Your new package will be skipped and marked as built successfully. That is mainly because we are saving user's time and the build power by building just packages of new version. That enables user to submit the same build query as usual while changing just some of their packages. If you need to have your change built, please provide a package with bumped up version.

Can I depend on other packages, which are not in Fedora/EPEL?

Yes. They just need to be available in some yum repo. It can be either other Copr repo or thirdparty yum repo (e.g jpackage). Click on "Edit" in your project and add them into "Repos" field. Packages from your project are available in build time as well. But just from that project you are building into. Not from your others projects.

Can I give access to my repo to my team mate?

Yes. If somebody want to build into your project and you want give hime access, just point him to your Copr project page, he should then click on "Permission" tab. And request permission he want. "Builder" can just submit builds. "Admin" can approve permissions requests. You then navigate to the same "Permission" tab and either approve or reject the request.

Do you have command line client?

Yes. Just do yum install copr-cli and learn more by man copr-cli.

Do you have an API?

Yes. See link in footer of every Copr page. Or jump directly to the API page.

How long do you keep the builds?

We keep the last successful build from each package indefinitely. All other builds (old packages, failed builds) are deleted after 14 days.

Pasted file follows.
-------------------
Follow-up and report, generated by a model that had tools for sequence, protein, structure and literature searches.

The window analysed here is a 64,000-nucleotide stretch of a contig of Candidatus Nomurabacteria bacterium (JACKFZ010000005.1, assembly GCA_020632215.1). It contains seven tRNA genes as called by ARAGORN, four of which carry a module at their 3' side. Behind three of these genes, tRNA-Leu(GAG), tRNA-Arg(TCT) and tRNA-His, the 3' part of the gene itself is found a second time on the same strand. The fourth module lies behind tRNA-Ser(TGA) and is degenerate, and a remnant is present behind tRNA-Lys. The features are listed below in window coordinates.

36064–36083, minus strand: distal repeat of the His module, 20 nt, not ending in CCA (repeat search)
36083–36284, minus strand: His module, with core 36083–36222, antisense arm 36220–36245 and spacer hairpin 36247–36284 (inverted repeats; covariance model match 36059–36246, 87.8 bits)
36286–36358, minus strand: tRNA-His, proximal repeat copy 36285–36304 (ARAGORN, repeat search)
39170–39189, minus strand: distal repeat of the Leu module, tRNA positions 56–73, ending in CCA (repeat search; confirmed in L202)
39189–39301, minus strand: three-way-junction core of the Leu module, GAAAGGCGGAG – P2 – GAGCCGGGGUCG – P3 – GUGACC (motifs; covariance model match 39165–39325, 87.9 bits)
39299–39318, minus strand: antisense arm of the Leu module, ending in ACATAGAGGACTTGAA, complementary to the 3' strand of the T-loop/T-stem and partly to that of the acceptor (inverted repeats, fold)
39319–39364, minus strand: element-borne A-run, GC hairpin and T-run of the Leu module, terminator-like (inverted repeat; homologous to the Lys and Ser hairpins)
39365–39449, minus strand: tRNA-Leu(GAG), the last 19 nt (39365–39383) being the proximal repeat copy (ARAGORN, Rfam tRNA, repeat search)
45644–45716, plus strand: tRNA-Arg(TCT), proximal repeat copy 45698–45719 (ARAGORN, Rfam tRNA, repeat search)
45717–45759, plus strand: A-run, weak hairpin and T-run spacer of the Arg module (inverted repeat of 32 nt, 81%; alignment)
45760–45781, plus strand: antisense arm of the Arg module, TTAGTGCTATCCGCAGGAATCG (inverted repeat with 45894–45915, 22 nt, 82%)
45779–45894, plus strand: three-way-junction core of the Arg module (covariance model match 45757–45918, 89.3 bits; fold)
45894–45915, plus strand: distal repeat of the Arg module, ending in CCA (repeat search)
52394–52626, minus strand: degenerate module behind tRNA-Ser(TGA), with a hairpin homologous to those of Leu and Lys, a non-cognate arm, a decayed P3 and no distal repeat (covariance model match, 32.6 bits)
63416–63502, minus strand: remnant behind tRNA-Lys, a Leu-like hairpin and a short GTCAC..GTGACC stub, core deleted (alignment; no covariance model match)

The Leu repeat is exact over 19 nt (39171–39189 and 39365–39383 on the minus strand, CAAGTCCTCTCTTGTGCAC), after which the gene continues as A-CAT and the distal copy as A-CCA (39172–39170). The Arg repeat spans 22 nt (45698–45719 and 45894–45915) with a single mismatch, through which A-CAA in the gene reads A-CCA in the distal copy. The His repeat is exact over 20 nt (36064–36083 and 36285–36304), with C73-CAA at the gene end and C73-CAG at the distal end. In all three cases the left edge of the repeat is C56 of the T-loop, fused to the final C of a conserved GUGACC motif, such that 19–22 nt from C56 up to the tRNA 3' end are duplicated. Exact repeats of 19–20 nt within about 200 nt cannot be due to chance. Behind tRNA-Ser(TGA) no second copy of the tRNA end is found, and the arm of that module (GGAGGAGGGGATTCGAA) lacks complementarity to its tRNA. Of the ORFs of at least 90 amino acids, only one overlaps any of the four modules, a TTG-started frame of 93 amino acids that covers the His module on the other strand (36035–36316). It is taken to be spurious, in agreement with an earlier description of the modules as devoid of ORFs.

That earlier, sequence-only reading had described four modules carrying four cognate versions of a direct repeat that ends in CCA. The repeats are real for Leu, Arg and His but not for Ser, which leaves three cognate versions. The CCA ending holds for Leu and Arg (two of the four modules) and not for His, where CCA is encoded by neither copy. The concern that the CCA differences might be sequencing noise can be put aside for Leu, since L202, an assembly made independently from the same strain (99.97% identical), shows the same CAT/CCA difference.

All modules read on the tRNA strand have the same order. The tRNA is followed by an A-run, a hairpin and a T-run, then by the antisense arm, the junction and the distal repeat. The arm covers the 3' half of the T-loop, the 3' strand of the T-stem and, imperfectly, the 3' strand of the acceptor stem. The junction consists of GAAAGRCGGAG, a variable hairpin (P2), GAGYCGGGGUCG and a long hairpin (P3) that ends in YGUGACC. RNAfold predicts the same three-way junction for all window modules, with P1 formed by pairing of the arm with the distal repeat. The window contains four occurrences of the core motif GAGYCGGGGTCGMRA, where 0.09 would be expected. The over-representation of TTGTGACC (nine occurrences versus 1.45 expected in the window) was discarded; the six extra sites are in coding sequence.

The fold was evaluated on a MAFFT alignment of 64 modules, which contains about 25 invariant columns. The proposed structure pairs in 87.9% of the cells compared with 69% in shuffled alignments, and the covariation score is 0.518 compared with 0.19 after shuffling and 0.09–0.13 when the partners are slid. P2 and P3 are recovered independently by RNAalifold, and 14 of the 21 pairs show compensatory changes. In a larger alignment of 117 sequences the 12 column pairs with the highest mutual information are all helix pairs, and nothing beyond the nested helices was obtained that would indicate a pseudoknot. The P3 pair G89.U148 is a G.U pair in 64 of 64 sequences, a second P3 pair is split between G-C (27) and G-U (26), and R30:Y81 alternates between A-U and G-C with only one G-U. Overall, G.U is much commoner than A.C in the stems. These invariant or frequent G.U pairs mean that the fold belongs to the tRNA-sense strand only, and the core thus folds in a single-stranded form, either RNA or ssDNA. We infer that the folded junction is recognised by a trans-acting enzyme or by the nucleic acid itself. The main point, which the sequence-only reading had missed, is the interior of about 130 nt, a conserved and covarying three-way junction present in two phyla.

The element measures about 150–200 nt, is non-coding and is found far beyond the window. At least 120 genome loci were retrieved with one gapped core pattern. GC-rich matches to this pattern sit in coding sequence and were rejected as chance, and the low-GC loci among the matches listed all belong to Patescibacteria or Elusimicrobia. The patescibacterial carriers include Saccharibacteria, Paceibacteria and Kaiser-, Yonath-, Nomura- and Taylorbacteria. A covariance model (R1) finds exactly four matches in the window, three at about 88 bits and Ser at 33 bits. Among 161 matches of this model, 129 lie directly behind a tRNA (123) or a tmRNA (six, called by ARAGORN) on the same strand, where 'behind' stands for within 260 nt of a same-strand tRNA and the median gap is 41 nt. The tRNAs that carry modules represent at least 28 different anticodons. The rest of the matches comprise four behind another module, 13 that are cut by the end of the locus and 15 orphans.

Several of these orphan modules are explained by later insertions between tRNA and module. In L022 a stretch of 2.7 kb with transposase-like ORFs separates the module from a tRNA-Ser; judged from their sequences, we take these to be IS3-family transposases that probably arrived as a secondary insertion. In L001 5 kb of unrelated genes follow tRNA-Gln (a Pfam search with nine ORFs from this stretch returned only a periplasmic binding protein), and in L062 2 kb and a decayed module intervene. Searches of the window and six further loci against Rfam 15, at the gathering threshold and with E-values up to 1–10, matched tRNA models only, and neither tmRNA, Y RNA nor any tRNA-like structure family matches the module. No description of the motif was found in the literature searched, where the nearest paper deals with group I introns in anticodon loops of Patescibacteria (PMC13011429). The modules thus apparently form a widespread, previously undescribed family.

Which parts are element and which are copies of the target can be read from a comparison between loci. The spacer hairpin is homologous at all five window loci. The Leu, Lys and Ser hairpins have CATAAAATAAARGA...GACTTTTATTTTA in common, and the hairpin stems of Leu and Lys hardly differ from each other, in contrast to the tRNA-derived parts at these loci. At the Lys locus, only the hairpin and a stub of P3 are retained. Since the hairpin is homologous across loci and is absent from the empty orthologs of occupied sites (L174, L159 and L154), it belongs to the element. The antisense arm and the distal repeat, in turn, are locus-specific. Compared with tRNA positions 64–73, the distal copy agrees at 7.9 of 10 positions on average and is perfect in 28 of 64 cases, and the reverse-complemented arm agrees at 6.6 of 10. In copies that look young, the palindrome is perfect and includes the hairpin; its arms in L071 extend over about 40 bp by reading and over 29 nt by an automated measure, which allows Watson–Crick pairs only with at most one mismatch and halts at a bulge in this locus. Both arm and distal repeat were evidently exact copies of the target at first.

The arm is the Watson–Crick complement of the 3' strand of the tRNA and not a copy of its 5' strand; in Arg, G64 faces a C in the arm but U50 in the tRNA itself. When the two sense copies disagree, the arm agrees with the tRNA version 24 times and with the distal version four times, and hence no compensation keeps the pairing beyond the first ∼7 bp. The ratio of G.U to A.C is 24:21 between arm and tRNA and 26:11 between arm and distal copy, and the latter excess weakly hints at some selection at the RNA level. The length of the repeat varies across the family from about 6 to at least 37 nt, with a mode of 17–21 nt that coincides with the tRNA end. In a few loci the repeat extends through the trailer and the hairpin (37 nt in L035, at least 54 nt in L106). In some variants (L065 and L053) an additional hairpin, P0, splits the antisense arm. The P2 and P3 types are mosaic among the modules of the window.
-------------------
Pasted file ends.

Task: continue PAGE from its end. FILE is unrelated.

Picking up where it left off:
How is Copr pronounced?

In American English Copr is pronounced /kä'pər/ like the metallic element spelled "copper".

Why another buildsystem?

We didn't start off to create another buildsystem. We originally just wanted to make building third party rpm repositories easier. But after talking to the koji developers and the developers who are building packages for CentOS we realized that there's a need for a maintainable, pluggable, lightweight build system.

Did you consider OBS?

Yes, we did. See Copr and integration with Koji and Copr Implemented using OBS And the mailing list discussion, as well as the conclusion.

Can I get notifications from Copr builds?

Yes, you can. Enable email/irc/android notifications at Fedora notifications service.

See this example how to process fedmsg notifications.

What Copr means?

Cool Other Package Repositories

How can I tell yum to prefer Copr packages

If for some reason you build package with the same version-release in Copr as are distributed in official repos (which is discouraged - you should bump up release) and you want to tell yum to prefer Copr packages over distribution ones, then you you should also add cost=900 to the .repo file.

Can Copr build directly from git?

No. But there are some tools which can create src.rpm from git repository and send it to Copr:

1) Tito (blog post)

2) dgroc (blog post)

How to get notification about finished build?

See this blog post.

Why Copr does not download my updated package?

Sometimes people are reporting that they updated they src.rpm file, submit the new build, but Copr is still using the old one src.rpm. This is not true and in fact is caused by two things. First: you change src.rpm file, but did not bump up release (bad boy, you should do that). As consequence the resulting files have the same URL, so your browser does not bother to fetch new log files and server those files from its cache. Thefore you are still seeing old content from previous task. You should press Ctrl+Shift+R to invalidate your cache and reload page

I have a problem. I need to talk to a human

We do not provide support per se, but try your luck here: